After the U.N. Security Council imposed Chapter VII sanctions on Iran in 2006, India retrenched from the project ceding space to China. In 2015, under President Obama, China, France, Germany, Russia, the United Kingdom, and the United States along with the European Union forged a historic deal with Iran to limit its ability to develop nuclear weapons while bringing Iran back into the comity of nations. The so-called Joint Comprehensive Plan of Action (JCPOA) cleared the path for India to re-engage in Chabahar. India resumed work with alacrity because this port is critical for India’s own access to markets in Iran, Afghanistan and Central Asia but also for Afghanistan’s own economic survival, in which India is a key stakeholder. With the sanctions waiver on hand, India should move to deepen its commitment Chabahar and Afghanistan’s economic future.
A New Way Forward for Afghanistan?
While the United States is hopeful that it can come to some form of negotiated settlement with the Taliban which would conclude the endless war in Afghanistan, long-time observers of South Asia are skeptical that efforts will fructify. Why would the Taliban negotiate an end when the Taliban need not defeat the Americans and their Afghan allies? The Taliban only need to keep fighting to demonstrate that the Americans and Afghans cannot defeat them. The is the very definition of an insurgent’s victory. Second, why would Pakistan allow the Taliban to sue for peace unless that peace meant Afghanistan’s capitulation to Pakistan with the former serving as the latter’s suzerain? Would Afghans—who loathe Pakistan for the decades of devastation it has wrought—ever agree to such peace terms?
Whatever happens with respect to ending decades of conflict, Afghanistan needs a new way forward and I contend Chabahar—and Indian investment there—is central to this new future.
Contemporary Afghanistan is not the Afghanistan of 2001. Today, Afghanistan is connected to railheads with Iran, Uzbekistan, and Turkmenistan. These railheads are key to helping Afghanistan get its valuable resources out of the ground and to international markets. Whereas Afghanistan was once virtually dependent upon Pakistan, it no longer is. Between 2012 and 2016, Afghan imports from Iran totaled $1.3 million compared $1.2 billion from Pakistan and $1.1 billion from China. While Pakistan was the largest destination for Afghan exports between 2012 and 2016 with $283 million of goods, India was right behind in the second position with $230 million. This will likely increase as Chabahar comes online. In fact, over the last year, India has shipped about 110,000 metric tons of wheat and 2,000 tons of pulses from India to Afghanistan through Chabahar over numerous shipments, demonstrating the utility of this shipping route.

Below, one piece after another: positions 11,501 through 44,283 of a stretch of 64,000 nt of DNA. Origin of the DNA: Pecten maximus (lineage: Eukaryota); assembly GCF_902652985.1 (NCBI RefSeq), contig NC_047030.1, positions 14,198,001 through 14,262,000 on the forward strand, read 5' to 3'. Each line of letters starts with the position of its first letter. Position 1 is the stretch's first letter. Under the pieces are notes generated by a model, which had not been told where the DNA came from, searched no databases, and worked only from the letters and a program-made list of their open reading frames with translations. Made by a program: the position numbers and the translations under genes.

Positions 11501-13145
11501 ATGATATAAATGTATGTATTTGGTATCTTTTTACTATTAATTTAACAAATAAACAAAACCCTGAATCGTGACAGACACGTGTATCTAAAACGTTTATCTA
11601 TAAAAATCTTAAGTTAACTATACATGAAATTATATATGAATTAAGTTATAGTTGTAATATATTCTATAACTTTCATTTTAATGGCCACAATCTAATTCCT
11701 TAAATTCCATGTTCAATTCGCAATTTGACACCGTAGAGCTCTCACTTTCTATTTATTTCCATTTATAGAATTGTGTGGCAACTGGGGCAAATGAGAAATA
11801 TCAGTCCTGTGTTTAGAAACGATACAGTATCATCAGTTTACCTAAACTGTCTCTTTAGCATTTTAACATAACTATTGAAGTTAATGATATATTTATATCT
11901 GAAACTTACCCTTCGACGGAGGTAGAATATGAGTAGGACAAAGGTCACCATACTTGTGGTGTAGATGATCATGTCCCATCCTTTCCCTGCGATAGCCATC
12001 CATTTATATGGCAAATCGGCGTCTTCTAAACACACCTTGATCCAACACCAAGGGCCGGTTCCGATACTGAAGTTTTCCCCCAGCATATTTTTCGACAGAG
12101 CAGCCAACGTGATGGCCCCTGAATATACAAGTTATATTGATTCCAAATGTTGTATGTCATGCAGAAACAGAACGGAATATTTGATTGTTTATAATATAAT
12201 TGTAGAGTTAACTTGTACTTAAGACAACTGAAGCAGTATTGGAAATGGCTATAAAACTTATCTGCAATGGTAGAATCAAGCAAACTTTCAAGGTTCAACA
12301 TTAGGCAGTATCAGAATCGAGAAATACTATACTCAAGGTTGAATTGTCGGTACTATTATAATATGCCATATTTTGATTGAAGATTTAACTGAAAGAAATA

If Afghanistan can focus on improving the political, economic, and trade ties with its near and far neighbors, Afghanistan can literally work around Pakistan by ever-more diminishing its dependence upon its murderous neighbor to the east. When Afghanistan is completely independent of Pakistan, it will be in a greater position to extract political concessions from it.
This does not mean that Afghanistan will become peaceful. Far from it. Pakistan will work assiduously to undermine these efforts. But it does allow Afghanistan to move forward, to prosper, and to work towards economic sufficiency while strategically isolating Pakistan in every way possible that is not terribly dissimilar from the strategic decisions that India has made. India has, over successive administrations, understood implicitly that Pakistan will continue to kill Indians. However, every Indian leader since Kargil has understood that it has much to gain by avoiding war with Pakistan.